Interesting Information

Welcome,

I come across many interesting news articles that in some way may be related to Bigfoot research. I decide to utilize this blog to post some of these articles in hopes that they be of interest to you. I will include links to the original site where I found the information so you can see it first hand.

Today’s article comes from a trade magazine called the NASA Tech Briefs. It carries some interesting articles from NASA and includes Engineering Solutions for Design and Manufacturing.
The magazine website can be found at www.techbriefs.com

Below is a paragraph from the article that was of interest to me.

The results of this research can now be enjoyed by consumers seeking to improve their vision in environments with poor lighting. The latest product is called StimuLights. Designed specifically for low-light environments, StimuLights can be worn outdoors while driving in hazy, foggy, dusk and dawn conditions and indoors while working on computers under fluorescent lights, watching television, or reading in dimly lit areas. Special cut-on and cut-off filters in the lenses relax the eyes and provide improved clarity, definition, and color contrast under these conditions. The filters cut on to let the eyes receive useful, vision-enhancing red, yellow, and green light rays and cut off to prevent blue and violet light rays from entering and focusing on the retina. The ultraviolet light is blocked by the lenses, therefore protecting the purple pigment in the eye, called rhodopsin, that promotes vision in low-light conditions. Lack of protection from rhodopsin leaching can lead to night blindness.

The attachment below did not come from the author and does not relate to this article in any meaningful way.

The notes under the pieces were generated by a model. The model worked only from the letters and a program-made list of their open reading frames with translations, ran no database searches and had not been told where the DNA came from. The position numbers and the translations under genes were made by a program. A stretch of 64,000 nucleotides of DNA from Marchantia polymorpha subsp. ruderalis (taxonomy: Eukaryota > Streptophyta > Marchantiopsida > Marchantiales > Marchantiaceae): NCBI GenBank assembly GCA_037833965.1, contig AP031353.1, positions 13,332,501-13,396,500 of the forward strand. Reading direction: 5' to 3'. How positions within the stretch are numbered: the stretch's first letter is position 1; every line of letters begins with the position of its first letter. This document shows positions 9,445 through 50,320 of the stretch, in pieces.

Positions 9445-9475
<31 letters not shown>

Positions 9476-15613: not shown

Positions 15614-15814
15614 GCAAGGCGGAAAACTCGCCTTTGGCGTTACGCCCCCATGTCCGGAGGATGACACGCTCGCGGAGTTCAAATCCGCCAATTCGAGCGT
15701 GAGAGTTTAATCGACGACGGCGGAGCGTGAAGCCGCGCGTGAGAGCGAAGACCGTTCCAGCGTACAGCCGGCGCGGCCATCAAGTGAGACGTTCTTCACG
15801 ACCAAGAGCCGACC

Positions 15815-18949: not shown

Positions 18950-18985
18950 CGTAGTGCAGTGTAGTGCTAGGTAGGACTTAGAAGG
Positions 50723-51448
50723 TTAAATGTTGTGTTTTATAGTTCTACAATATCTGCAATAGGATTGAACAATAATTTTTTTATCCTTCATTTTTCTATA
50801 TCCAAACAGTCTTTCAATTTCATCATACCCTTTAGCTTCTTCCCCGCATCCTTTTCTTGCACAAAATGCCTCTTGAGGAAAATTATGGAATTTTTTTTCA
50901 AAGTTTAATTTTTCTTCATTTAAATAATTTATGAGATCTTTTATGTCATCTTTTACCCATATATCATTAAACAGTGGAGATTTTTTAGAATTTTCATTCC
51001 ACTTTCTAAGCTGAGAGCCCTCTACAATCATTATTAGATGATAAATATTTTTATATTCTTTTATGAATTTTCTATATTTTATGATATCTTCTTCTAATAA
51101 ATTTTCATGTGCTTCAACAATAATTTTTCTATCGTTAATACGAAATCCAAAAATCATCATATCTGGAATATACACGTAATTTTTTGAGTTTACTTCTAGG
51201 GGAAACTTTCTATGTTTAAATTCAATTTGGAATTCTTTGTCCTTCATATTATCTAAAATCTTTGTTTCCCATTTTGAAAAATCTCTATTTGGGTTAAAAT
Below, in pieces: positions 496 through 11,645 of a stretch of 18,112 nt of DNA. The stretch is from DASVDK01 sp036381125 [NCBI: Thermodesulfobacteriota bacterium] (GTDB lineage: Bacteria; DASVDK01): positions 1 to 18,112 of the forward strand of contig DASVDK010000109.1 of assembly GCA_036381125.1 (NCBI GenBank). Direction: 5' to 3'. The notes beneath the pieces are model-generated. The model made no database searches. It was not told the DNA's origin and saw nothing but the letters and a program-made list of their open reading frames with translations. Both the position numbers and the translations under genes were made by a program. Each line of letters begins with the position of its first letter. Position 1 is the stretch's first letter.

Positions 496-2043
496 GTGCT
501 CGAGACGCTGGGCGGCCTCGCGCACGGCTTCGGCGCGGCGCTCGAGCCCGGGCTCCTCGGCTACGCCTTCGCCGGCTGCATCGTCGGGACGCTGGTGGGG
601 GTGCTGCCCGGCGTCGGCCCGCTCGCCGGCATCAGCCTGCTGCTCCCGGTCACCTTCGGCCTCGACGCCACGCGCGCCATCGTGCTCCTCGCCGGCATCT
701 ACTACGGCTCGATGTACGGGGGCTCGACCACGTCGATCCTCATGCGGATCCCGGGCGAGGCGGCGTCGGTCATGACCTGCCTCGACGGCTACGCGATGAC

The section that was of interest:

The ultraviolet light is blocked by the lenses, therefore protecting the purple pigment in the eye, called rhodopsin, that promotes vision in low-light conditions. Lack of protection from rhodopsin leaching can lead to night blindness.
My thoughts center on how ultraviolet light can cause the rhodopsin leaching of the purple pigment in the eye, causing night blindness. Since most people are active during the day, does their night vision deteriorate over time due to rhodopsin leaching? Would our night vision be better if we were to have worn these special sun glasses since we were young?

I think the Bigfoot creatures live in underground burrows that they dig, that is one of the reasons why they are not seen as often, kind of out of sight, out of mind idea. Living below ground offers them a constant temperature and complete privacy. One benefit of living underground would be to stay out of the sun during the day, lessening the problem of rhodopsin leaching and in turn, providing a much better night vision for them. These are just my thoughts I wanted to share with those interested. Please follow the link to the article for more information.

This is the link to the eyeglass website.

http://eeo.com/

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